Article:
I'm a bit of a snob about pizza. To me, unless it's from New York, Chicago, or Naples, it's not really pizza. And one of the most important pizza characteristics is a hot, hot, hot oven, preferably wood-fired. A proper pizza oven runs at 750 degrees F or more (many top 900) and turns out a pizza in a couple of minutes.
At an outdoor event sponsored by the East Bay Nation of Men, dinner was "gourmet" pizza. Now, I think the Bay Area is one of the finest food locations in the world and the pizza here is often very good — but never excellent and I didn't expect much at an outdoor venue. But my preconceived notions about pizza in the park were about to change.
Around 2 PM, a truck showed up with a trailer carrying what looked like an igloo. It drew a lot of attention and guesses. No one guessed that it was a wood-fired pizza oven, made by our friend Tom Gerstel. Yes, "made by." It turns out Tom's new business is wood-fired pizza catering, using the "portable" oven he built.
A crowd gathered as Tom lowered the trailer (whrrrrrrrrr, men love machinery) and wheeled the oven into place. Whrrrrrr again as a hydraulic lift raised the oven to working height and he attached the legs to its custom-welded frame (men love welding: Fire and molten metal, what's not to like?).
He started a fire with just a few pieces of hardwood (men love fire, too). The thickly insulated box takes a surprisingly small amount of wood to get to working temperature. But it does take a couple of hours.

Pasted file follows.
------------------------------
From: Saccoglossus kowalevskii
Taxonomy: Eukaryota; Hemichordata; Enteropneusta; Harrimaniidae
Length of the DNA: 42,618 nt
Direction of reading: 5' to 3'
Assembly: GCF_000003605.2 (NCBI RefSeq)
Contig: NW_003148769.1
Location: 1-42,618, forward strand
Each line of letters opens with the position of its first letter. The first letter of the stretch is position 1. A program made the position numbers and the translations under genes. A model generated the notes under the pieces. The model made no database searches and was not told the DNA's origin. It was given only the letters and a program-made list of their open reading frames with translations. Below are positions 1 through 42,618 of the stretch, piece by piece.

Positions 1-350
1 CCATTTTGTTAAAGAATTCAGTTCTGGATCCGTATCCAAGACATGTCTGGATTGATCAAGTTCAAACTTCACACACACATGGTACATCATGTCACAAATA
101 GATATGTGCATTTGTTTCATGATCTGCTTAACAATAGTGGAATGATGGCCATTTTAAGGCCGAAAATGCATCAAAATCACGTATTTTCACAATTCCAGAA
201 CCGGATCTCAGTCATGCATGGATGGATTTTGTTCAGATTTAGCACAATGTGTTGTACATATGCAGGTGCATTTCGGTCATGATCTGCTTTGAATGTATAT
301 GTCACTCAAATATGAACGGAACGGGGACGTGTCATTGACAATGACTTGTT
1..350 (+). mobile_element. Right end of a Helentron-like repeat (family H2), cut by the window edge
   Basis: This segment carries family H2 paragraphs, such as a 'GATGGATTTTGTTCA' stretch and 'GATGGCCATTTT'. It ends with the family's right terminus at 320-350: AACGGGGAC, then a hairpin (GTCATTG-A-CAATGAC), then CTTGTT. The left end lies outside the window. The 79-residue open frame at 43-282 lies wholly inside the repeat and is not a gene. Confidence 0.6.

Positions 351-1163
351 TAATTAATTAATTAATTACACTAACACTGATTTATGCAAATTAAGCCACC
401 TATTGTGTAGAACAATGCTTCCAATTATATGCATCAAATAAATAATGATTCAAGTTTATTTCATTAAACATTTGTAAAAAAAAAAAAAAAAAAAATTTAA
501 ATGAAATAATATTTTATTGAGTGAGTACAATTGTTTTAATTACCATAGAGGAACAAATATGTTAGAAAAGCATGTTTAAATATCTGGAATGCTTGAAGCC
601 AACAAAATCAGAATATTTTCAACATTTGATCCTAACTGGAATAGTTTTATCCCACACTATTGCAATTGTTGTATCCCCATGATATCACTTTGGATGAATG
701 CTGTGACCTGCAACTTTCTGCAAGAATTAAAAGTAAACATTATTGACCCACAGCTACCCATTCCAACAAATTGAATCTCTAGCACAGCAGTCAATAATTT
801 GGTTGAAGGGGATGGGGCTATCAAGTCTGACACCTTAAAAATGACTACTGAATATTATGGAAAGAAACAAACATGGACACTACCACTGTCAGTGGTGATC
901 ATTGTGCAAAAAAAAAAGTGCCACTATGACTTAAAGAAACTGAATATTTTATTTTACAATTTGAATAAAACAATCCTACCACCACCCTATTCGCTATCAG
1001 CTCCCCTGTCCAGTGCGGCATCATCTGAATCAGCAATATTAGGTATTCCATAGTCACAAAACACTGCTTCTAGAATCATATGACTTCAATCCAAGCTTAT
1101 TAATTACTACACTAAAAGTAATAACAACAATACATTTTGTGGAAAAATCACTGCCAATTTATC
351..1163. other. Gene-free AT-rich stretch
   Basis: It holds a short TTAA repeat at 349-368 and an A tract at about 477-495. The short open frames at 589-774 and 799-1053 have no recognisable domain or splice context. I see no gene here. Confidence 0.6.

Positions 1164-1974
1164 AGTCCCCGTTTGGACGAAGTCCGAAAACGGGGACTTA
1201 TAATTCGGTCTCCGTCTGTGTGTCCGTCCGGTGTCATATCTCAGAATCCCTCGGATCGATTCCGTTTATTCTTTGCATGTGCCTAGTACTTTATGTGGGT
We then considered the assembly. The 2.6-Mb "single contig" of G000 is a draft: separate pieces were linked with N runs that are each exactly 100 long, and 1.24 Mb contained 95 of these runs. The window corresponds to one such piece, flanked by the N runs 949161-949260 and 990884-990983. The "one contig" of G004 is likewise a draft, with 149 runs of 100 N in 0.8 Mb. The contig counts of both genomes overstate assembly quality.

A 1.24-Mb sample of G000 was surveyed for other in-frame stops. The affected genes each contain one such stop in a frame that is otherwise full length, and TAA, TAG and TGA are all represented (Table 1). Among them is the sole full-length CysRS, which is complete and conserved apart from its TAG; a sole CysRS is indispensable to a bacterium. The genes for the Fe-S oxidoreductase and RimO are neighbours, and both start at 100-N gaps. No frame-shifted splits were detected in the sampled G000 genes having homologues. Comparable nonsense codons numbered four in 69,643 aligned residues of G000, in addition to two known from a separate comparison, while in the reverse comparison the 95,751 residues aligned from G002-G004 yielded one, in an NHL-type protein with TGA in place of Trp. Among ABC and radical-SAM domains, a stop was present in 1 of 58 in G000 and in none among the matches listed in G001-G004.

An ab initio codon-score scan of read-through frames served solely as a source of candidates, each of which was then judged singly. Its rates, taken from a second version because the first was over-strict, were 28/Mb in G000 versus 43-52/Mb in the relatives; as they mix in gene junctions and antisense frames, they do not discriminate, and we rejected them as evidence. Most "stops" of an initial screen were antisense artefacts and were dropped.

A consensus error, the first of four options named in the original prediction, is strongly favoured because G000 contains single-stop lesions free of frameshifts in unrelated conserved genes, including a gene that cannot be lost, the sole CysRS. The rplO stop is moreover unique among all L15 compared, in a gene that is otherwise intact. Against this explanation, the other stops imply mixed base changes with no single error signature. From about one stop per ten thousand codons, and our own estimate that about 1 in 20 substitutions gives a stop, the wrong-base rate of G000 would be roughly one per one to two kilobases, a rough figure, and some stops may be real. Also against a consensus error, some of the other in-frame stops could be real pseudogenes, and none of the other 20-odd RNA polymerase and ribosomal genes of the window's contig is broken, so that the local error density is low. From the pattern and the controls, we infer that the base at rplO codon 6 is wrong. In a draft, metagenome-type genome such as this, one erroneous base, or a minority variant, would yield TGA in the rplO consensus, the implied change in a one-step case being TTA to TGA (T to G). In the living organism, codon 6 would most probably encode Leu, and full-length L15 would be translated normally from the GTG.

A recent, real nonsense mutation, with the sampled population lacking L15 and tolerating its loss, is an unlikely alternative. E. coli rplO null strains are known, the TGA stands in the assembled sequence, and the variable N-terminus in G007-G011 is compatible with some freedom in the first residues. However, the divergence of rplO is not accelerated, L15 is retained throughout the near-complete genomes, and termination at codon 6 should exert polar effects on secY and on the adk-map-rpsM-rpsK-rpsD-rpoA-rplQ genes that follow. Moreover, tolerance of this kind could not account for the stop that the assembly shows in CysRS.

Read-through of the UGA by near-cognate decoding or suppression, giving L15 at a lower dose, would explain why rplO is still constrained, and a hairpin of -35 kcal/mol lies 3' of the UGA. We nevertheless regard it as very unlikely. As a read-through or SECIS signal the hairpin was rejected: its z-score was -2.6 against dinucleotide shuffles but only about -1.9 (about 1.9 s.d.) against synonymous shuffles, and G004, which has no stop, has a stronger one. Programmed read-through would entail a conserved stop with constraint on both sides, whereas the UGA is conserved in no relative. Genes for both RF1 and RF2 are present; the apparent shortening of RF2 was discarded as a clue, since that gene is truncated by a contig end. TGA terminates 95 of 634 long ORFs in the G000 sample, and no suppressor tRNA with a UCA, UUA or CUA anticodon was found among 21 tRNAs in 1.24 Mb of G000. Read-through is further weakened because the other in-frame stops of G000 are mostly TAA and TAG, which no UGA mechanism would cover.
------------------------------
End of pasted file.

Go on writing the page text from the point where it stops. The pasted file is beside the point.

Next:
It gets mighty hot in there but the temperature is not the whole story. The pizza sits on the brick floor and heats by conduction, the way your feet do on hot sand at the beach. It also gets a blast of hot air, like a convection oven, since the flue is a third of the way down from the top of the dome, creating a constant swirl of hot air from the fire, around the top, and out the chimney. A third heating mechanism comes from radiant heat, the way a toaster works. The dome delivers radiant heat from all directions.
Tom built this himself. The oven interior is from purchased parts, most of the rest is from scratch.
The oven is extremely well insulated. It was cool to the touch even while an inferno ran inside.
But we're not here to talk about fire brick and welded stainless steel. This is about the food.
Tom believes in good ingredients. He uses organic flour and an array of prepared toppings. He makes a thin pizza which crisps up like a cracker in the high heat. We had an array of pizzas with pesto, marinara, a four-cheese blend, pepperoni, basil, mushrooms, roast garlic, anchovies, feta, and more. Most of the pies were simple and sophisticated with two or three ingredients. But the beauty of this is that he'll make what people want. He even had some tofu — not a hit, I have to say.
He can turn out a pizza in 90 seconds and run at least three at a time, meaning he can feed many hundreds of people.
Sound good? You can reach Tom via his website, Copper Top Ovens.com (it's a pretty primitive site right now — I think he's been busy welding). But right now, I will close with some glamor shots. Click to see them full-size.